Book review: Joe Quinn’s Poltergeist, by David Almond, illustrated by Dave McKean

Almond, David. Joe Quinn’s Poltergeist. Il. Dave McKean. Candlewick, 2019. $17.99. unp. ISBN 978-1-5362-0160-4. Ages 12-15. P7Q10

Almond’s 2014 story is creatively illustrated with panels, boxes, and full-page mixed media including drawings, scribbles, watercolors, and collages in this psychological “graphic storybook” set in a small British town. Joe invites friends David, the narrator, and Geordie to his house so they can see how a ghostly being wreaks havoc in his house by smashing dishes, breaking windows, and doing other damage. Although reluctant to go, Davie joins Geordie, Joe, and Mrs. Quinn for a meal where they hear crashing upstairs and food flies through the air over them. Davie is thoroughly convinced and believes in the presence of his dead sister, but Geordie thinks that Joe has set them up. Also convinced that she feels the poltergeist, Mrs. Quinn sends Joe for the Irish priest, Father Kelly, to exorcise the being, and the father helps Davie find peace: “There is not Heaven to go to. And no Hell…. There’s only us.” Almond’s two-page introduction tells about his close connection to the plot from the death of his baby sister when he was seven and his family’s belief in the supernatural.

Verdict: Almond’s two-page introduction tells about his close connection to the plot from the death of his baby sister when he was seven and his family’s belief in the supernatural. The eerie graphic novel resolves with the possibility of hope in spite of the prevailing sense of horror. Davie resolves his feelings by believing “…the poltergeist is all of us, raging and wanting to scream and to fight and to start flinging stuff; to smash and to break. It is all of us wanting to be still, to be quiet, to be in love, to be at peace.”

May 2020 review by Nel Ward.

Book review: Guts, by Raina Telgemeier

Telgemeier, Raina. Guts. Graphix/Scholastic, 2019. $12.99. 211p. ISBN 978-0-545-85250-0. Ages 9-12. P9Q9

The author of popular middle-school graphic memoirs, Smile and Sisters, returns to the format when she addresses her suffering from a rebellious stomach in struggles with food, school, and friendships. She becomes a germophobe, and toxic green dialog panels describe her negative feelings. Although Telgemeier is initially frightened by seeing a therapist, she learns coping exercises by grounding herself and relaxing, even teaching classmates about them in a classroom project. Telgemeier’s “Author’s Note” explains how, despite extensive treatment for her emotional issues, they are a part of who she is.

Verdict: Minimalist facial expressions clearly show shifting feelings through a few lines. Nonjudgmental and therapeutic without being didactic, Guts shows young people that they are not alone in their fears and feelings of inadequacy. The book is dedicated to “anyone who feels afraid” and can help people understand those with phobias and panic attacks.

May 2020 review by Nel Ward.

Book review: They Called Us Enemy, by George Takei, Justin Eisinger, and Steven Scott, art by Harmony Becker

Takei, George, Justin Eisinger, and Steven Scott. They Called Us Enemy. Art by Harmony Becker. Top Shelf, 2019. $19.99. ISBN 978-1-60309-450-4. Ages 10-15. P9Q8

George Takei, the actor who played the helmsman of the USS Enterprise on Star Trek, was one of the thousands of Japanese-Americans incarcerated after Japan attacked Pearl Harbor in 1941. In 1942, the four-year-old was sent with his family to a “relocation center” like all the other people of Japanese descent living on the west coast of the United States. These places could be thousands of miles away from their homes, and people were allowed only the few possessions that they could carry with them. For years, they lived behind barbed wire, hated by most of the people in the nation. The black and white panels in this graphic narrative show their harsh life away from their friends where they were subjected to abusive treatment. Left with no home when a court ruling forced their release, inhabitants were told that they could stay safe behind the fences if they renounced their citizenship. To keep her family safe, Takei’s mother renounced her citizenship only to be forced to fight the renunciation after the end of the war. Upon their return to LA, the Takei family lived in poverty on Skid Row until his father found a job, but George was still abused by racist teachers. The book culminates in a brief piece about Takei becoming an activist to fight for democracy.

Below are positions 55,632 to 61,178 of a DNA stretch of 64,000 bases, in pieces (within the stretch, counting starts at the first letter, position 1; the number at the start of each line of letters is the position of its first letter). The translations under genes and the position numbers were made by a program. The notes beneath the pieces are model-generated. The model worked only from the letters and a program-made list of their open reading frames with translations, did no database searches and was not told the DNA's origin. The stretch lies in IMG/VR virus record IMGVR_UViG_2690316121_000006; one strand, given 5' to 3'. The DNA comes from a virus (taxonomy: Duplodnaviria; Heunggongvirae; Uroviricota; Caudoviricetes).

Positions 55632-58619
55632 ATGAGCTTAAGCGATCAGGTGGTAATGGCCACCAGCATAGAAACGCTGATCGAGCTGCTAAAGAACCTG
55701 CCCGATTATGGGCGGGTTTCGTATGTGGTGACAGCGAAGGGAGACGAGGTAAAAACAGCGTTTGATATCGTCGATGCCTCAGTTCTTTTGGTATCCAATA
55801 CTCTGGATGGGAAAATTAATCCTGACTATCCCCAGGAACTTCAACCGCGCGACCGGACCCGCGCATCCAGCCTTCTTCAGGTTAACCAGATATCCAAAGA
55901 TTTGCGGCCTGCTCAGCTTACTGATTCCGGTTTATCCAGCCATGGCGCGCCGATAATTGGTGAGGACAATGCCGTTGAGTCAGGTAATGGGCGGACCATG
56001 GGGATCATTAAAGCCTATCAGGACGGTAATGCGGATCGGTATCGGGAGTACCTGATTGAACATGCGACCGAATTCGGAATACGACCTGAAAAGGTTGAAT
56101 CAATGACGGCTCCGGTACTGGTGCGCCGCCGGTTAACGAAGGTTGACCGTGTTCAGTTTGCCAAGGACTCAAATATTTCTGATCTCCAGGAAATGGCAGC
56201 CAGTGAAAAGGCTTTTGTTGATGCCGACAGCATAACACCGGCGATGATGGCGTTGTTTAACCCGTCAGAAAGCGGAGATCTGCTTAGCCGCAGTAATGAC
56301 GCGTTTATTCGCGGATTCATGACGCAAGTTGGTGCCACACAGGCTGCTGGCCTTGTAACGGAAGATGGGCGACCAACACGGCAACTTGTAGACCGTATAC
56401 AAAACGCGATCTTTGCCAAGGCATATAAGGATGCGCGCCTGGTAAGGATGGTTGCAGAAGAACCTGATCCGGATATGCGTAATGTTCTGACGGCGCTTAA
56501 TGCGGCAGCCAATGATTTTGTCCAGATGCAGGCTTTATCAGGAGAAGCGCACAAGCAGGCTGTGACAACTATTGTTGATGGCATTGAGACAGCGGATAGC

Verdict: Rich interweavings of Takei’s childhood and adult understandings are combined with historical key speeches and events. The personal view of Takei’s experiences comes from Manga-inspired fine lines reflecting body language and faces. The message is clear: immigrant communities in the 21st century suffer the same persecution from people of the U.S. that Japanese Americans did during World War II.

May 2020 review by Nel Ward.

Book review: Survivors of the Holocaust: True Stories of Six Extraordinary Children, edited by Kath Shackleton, illustrated by Zane Whittingham

Survivors of the Holocaust: True Stories of Six Extraordinary Children. Ed. Kath Shackleton. Il. Zane Whittingham. Sourcebooks eXplore, 2019. $14.99. 96p. ISBN 9781492688921. Ages 10-14. P8Q9

Six Jewish people who lived through the Holocaust as children and young people narrate the horror of their experiences in this graphic depiction of persecution that incorporates drawings of photographs, primary documents, and maps.  Although a “comic” form, the images of Nazi soldiers pointing guns at innocent people, bombs dropping, and pounding on doors in the middle of the night demonstrate the terror of the subjects’ capture and forced migration to concentration camp. Particularly ghastly is the last entry, Arek’s story of his life at Birkenau with abuse and emaciated figures. The book finishes with photos of the people at the time it was first published in 2016 and brief paragraphs for each about the aftermath of the Holocaust for them. A glossary, timeline, brief index, and web sources complete the book. The graphic narration is based on a British TV animation series.